The current version installed on campusrocks is 1.1 (official release).
The Jellyfish “stats” option allows for a bounded dump of the kmer table, using -L for the lower bound and -U for the upper bound. Using this, we can examine high frequency kmers for abnormalities.
The documentation is at www.cbcb.umd.edu/software/jellyfish/jellyfish-manual.pdf
Jellyfish was run on the Pyrobaculum oguniense 454 data for 10-mers, 15-mers, 20-mers, 25-mers, 30-mers, and 31-mers. Jelly fish runs quite quickly for all of these, but takes forever for 32-mers. It seems like 31-mers are a hard limit (probably related to 64-bit word sizes).
Here is a plot of the frequency of multiplicity for k-mers in the Pog data. Note that 10-mers are too short and many occur with high multiplicity. For 15-mers and longer, there is a nice peak around 47 (drifting downward a little for longer k-mers). The curves can be fit pretty well with a gamma distribution. Below a multiplicity of around 16, the counts shoot way up due to sequencing errors. There is a heavy tail of high multiplicity k-mers, due to repeat regions and the Pog virus.
We can estimate the sequencing error rate by counting all kmers (not just distinct ones) with multiplicity less than where the minimum occurs, and divide by the total number of kmers to get the fraction of bad kmers. Dividing again by the kmer length gives us a per-base error rate, which for the Pog 454 data is about 0.5% (no matter which of the long-enough kmer distributions we use).
We can also estimate the genome size from the coverage estimate and total number of non-error kmers. The number of unique 31-mers that have coverage >=17 is 2,428,316. Using the 31-mer gamma fit gives a mean coverage of 47.11x. The total number of good 31-mers is 114.75e+06, dividing this by the coverage gives an estimate of 2,435,702.
Both estimates give us a genome length of 2.43e06, very close to the final sizes for the v4c assembly (chr=2436036, ece=16887).
Similarly, we ran Jellyfish on the first run of Illumina sequencing for banana slug to count 22-mers. This plot shows the same pattern of a high counts for unique reads that descends to a minimum before peaking and continuing out in the long tail. The minimum occurs around 3 so we can consider 22-mers with a count of 4 or higher to be correct. From this we find that 7.61% of 22-mers have at least 1 error so the per-base error rate is estimated to be 0.35%.
Using the number of distinct 22-mers, we estimate the genome size to be 1.289e+09 bases ( 2,699,479,169 total - 1,410,480,198 “bad” 22-mers ). The estimate of the coverage from mean of the gamma fit is 9.786x. When we divide the total number of good 22-mers by the coverage, the estimated genome size is 2.042+09 bases.
The large difference between these two estimated sizes is most likely due to repeat sequences. These are not taken into account when estimating the size using only distinct 22-mers. The larger estimate is probably closer to the actual size.
For run1, the first few distinct kmer with the specified multiplicities are
Total distinct: 2,298,220,805 (19-mers) 2,699,479,169 (22-mers) These counts were done before running SeqPrep, so include adapter reads.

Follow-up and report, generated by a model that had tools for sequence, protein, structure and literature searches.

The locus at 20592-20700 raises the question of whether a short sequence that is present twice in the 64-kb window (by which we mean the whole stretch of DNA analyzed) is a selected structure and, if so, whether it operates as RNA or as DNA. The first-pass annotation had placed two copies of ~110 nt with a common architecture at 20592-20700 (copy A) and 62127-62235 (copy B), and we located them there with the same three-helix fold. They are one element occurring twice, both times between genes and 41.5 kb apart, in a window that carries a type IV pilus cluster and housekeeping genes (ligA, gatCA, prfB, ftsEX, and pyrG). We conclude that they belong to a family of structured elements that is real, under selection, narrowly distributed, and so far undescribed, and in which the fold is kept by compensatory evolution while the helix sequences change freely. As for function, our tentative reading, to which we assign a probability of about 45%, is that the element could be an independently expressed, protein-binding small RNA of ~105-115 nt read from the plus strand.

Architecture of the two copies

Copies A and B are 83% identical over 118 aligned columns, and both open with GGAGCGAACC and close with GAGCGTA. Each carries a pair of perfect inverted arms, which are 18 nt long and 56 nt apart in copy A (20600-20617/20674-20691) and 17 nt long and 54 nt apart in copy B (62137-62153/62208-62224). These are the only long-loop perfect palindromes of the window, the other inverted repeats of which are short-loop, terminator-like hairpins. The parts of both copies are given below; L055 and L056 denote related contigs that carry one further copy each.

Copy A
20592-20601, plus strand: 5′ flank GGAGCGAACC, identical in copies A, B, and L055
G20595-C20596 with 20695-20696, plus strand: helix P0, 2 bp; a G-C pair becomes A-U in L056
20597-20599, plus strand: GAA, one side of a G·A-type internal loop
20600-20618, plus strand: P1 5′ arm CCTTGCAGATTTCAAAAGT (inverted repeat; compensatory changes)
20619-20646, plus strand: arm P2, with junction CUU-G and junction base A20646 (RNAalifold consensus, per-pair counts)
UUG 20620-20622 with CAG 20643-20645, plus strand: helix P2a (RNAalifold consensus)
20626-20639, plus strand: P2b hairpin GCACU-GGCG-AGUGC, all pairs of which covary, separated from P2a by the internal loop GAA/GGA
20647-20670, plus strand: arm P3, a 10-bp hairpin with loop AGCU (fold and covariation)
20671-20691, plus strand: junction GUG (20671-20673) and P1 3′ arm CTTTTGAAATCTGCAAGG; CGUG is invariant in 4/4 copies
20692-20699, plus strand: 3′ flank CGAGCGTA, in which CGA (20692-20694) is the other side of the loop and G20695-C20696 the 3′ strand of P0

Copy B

After running SeqPrep, using all the illumina data produced
We have 2196163636 distinct 19-mers. If we use 2-or-less as the criterion for calling a k-mer a sequencing error, we get 1,222,498,009 distinct k-mers—close to our previous estimates.
The fit-gamma-illumina-all-seqprep.gnuplot script gives an estimated coverage of 10.247. If we divide the total number of k-mers (23731306715) by the approximate coverage, we get a genome length of 2.3159 Gbases.
Of course, the gamma distribution is almost certainly the wrong distribution to use here. We probably should be fitting a more realistic model of the problem. We expect to see multiple peaks, from different causes. The peak at low multiplicity should come mainly from sequencing errors, though it could also come from copying errors in the PCR amplification in creating the initial library, and from polymorphisms in the initial population of cells. (For metagenomic libraries, that polymorphism may be a major contributor to the initial peak.) The main peak at medium multiplicity should be from multiple copies of the same location in the genome. If a k-mer occurs n times in the genome, we would expect to see it n times as often in the sequencing, so there should be additional peaks for k-mers that occur in repeats.
If we have N error-free k-mers sampled uniformly from a universe of D distinct kmers (the no-repeat situation), we would expect a binomial distribution, with D (N choose m)p^m(1-p)^(N-m) distinct k-mers with multiplicity m, where p=1/D. We can approximate this as normal(mean=c, variance=c), where c is the coverage=N/D).
If we have D_j k-mers that occur j times in the genome, with sum_j j D_j = G (the genome size), we expect about N j D_j/G of our samples to be from k-mers that repeat j times, and we can model the distribution of error-free reads as sum_j D_j normal(mean=j c, variance=j c), where c is now N/G. I (Kevin Karplus) tried this model and it is a terrible fit to the data. The coverage estimate is ok (around 45), but the variance for the normal distribution is much smaller than than the observed distribution, and we get very distinct peaks that are much too narrow. So my reasoning about the model must be wrong, but I'm not sure where yet.
If I allow the variance to be fit separately, I can get a pretty good fit with D1 normal(c,v)+ D2 normal(2c,2v), with the variance about 5 times bigger than I expected. Adding a third peak doesn't help much.